I didn’t get my VBAC – ‘Resident Blogger’ Susanne

mummy and elsieResident Blogger Susanne did not have an easy time of her fourth pregnancy. Suffering from hyperemesis gravidarum (severe pregnancy sickness) in the early weeks, she endured the uncertainty throughout the third trimester of whether her baby would have to be born prematurely due to IUGR, a condition fortunately picked up through the use of customised growth charts and extra scans.

IUGR, which stands for intra-uterine growth restriction, can be indicative of a problem with the placenta which prevents the baby from receiving the nutrition it needs, and is one of the biggest risk factors for stillbirth. Babies suffering from IUGR often have to be delivered early and can experience problems associated with being born very small.

Susanne’s emotions were further complicated by her desire for a VBAC, a vaginal birth after caesarean, which became less and less of an option as the pregnancy became more complicated. Having already undergone three previous sections, Susanne knew from the start it would not be an easy road. Here you can read about Susanne’s difficult journey, which happily culminated in the safe delivery of little Elsie Rose at 37 weeks.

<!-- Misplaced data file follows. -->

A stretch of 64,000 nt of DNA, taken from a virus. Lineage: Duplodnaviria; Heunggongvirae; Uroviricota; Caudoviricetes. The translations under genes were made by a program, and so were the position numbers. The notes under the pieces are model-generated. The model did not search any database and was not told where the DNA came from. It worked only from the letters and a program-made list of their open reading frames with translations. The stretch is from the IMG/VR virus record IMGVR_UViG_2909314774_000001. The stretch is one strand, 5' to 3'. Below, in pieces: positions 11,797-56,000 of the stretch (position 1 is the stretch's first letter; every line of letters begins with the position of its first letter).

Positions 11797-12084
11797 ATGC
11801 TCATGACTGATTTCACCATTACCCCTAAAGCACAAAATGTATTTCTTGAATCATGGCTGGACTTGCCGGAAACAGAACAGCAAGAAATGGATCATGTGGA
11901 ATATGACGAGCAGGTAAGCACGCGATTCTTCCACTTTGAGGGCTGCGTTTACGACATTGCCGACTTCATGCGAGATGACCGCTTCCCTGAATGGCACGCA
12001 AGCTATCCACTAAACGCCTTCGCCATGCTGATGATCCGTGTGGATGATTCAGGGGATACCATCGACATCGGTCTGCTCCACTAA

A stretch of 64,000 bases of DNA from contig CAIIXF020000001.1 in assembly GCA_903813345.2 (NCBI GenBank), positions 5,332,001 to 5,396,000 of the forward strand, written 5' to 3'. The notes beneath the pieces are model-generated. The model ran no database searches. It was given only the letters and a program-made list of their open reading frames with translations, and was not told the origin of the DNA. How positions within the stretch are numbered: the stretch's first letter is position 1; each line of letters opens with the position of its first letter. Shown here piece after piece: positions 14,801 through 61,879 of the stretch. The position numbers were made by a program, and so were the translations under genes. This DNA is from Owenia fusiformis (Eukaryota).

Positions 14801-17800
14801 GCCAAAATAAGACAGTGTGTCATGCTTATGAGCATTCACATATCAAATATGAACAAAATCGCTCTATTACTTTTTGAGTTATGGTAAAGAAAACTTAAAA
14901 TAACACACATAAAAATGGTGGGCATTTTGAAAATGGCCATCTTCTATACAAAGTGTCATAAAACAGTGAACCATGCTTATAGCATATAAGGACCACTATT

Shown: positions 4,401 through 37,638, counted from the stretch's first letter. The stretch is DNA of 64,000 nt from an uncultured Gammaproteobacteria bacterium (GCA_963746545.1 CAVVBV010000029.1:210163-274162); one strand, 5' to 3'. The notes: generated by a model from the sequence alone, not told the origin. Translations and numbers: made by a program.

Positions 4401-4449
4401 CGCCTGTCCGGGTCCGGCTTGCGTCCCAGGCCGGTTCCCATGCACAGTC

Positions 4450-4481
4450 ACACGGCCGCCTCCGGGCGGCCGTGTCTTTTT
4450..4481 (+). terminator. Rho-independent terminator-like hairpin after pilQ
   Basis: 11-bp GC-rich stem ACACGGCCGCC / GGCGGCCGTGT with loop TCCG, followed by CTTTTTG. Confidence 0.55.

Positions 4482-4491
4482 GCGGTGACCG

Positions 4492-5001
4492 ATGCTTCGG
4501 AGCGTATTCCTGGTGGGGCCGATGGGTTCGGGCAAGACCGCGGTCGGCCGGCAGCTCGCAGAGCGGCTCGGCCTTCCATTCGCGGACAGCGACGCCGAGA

Susanne blogs at www.ghostwritermummy.co.uk where you can read more about her experience with HG, IUGR and the subject of VBAC.

Back in May, I decided I wanted a VBAC. Since discovering I was pregnant, I always kind of knew this was what I wanted to do when it came to the birth. But I remember consciously making up my mind and speaking it aloud.

There.

It was out there. My intentions were known. No going back. I wanted a VBA3C. A vaginal birth after three c-sections. A ‘natural’ birth. A ‘normal’ birth.